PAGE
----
A typical session lasts for 45-55 minutes, though the intake appointment where information for the diagnostic assessment is collected can last for 60-75 minutes.
What if I start therapy and I don't like it?
Change and improvement of yourself is not usually an easy or comfortable process, and we will always be there to support and guide you during the triumphs and challenges of your therapeutic journey. It is essential to establish a trusting and genuine relationship between the therapist and the client in order to have any measure of success from therapy, and it is a fact of human nature that a client will sometimes be able to establish a better therapeutic relationship with one counselor than with another. That is completely okay! All of our counselors are knowledgable and skilled, and they all have different backgrounds, areas of expertise, and personalities. You might be a great fit with the first therapist you see, and that's great! But if you discover after a couple of sessions that you'd rather work with a therapist of the opposite gender, that is okay, too. Perhaps your therapist will learn that your challenges fall into another therapist's area of expertise, and if so then s/he might explain that and ask for your input regarding who you would prefer to see moving forward. We welcome your input and will never be offended if you need to see a different counselor in order to be most successful, because your well-being and success in therapy is the goal of every counselor at Thrive. We don't encourage switching counselors without careful consideration, but we are always happy to investigate those feelings and ideas with you to make sure you have the best chance for success!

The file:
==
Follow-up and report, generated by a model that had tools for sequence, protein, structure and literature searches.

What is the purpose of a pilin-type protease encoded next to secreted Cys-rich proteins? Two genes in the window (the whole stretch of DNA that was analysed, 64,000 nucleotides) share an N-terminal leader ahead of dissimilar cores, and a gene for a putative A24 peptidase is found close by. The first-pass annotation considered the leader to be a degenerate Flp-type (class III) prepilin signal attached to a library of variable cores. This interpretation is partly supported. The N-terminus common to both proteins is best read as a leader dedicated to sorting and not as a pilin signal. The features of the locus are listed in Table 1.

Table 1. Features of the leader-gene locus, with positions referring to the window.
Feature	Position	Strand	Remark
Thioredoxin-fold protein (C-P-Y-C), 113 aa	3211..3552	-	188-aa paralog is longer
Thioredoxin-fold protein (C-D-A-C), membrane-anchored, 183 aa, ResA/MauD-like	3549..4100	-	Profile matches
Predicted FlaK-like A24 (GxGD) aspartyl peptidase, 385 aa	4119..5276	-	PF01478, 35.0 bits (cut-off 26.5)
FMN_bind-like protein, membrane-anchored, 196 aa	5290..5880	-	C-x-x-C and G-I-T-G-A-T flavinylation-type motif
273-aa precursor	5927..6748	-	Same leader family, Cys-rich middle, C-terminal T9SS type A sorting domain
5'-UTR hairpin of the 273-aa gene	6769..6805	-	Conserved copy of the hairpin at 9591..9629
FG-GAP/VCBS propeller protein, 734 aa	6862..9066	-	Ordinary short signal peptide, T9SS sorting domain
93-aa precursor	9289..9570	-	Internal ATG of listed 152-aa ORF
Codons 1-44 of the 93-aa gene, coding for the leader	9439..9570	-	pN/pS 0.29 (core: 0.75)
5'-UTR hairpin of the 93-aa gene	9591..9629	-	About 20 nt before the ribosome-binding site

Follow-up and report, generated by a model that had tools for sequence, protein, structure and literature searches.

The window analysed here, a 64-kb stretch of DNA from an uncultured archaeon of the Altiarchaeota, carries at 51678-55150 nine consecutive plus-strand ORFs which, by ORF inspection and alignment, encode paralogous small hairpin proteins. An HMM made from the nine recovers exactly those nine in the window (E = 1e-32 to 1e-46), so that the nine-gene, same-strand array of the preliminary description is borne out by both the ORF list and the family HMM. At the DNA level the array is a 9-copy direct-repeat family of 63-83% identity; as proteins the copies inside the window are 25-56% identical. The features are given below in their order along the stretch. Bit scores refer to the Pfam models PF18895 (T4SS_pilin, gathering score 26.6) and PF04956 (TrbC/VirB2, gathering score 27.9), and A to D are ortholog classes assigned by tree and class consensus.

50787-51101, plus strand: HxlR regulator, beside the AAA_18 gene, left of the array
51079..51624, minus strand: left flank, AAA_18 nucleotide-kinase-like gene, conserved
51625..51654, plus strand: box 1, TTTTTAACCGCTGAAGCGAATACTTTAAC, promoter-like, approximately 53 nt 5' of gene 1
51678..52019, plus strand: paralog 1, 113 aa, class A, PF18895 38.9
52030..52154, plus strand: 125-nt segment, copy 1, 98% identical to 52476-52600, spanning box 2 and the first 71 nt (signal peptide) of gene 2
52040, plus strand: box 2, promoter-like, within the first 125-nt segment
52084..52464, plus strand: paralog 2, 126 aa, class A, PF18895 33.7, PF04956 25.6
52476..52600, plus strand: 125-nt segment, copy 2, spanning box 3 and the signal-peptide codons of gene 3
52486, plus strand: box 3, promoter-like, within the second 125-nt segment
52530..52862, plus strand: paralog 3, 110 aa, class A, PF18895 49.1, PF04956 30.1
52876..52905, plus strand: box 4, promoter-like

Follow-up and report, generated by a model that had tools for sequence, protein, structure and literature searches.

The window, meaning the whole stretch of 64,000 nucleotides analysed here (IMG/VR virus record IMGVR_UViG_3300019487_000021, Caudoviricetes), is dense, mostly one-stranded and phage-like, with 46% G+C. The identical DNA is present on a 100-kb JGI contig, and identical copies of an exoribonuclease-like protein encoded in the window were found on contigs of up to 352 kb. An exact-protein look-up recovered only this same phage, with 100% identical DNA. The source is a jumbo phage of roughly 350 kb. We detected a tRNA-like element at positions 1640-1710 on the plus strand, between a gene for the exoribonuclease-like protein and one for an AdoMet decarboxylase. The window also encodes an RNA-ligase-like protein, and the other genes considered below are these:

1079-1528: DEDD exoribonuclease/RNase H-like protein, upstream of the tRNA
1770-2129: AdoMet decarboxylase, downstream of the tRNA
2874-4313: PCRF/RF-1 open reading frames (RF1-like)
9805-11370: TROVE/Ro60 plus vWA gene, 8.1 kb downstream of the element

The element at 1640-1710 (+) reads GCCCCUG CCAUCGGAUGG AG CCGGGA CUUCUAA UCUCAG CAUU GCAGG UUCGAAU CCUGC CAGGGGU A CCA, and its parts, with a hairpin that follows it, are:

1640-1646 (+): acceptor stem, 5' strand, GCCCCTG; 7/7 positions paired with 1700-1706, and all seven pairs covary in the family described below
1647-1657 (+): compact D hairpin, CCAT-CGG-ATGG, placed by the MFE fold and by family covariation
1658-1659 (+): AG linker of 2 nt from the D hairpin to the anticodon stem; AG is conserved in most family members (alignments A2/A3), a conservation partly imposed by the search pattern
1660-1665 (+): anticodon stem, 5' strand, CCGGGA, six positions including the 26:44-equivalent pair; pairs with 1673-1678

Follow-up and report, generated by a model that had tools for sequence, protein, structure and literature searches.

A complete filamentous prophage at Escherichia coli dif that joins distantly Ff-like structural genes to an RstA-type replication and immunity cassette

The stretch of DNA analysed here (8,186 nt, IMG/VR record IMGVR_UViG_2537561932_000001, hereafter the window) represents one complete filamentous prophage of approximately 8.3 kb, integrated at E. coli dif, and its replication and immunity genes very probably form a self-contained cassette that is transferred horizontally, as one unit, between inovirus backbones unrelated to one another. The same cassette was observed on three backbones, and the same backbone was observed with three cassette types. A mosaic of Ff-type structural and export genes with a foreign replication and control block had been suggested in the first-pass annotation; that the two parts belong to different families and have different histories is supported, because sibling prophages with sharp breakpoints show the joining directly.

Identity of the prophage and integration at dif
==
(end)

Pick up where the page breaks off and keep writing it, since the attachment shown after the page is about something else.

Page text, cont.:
How many sessions will I need?
There is no set number of sessions to achieve your therapy goals. It will depend on many factors, but we are here to support and guide you for as long as you need to achieve your goals.
What happens if I miss a session?
At Thrive we definitely understand that sometimes things happen, and unforeseen circumstances can cause someone to occasionally need to cancel a session. We ask that you cancel your session at least 24-hours ahead of time so that we may offer that time to someone else in need if possible. There is a $25 cancelation fee for sessions missed without giving appropriate notice, although we are happy to waive that fee if documentation of an unavoidable conflicting event (such as a doctors note, accident report, flight itinerary, etc.) is provided.
If you have any other questions not addressed here or on our website, please contact us so we can make sure you have all the information you need!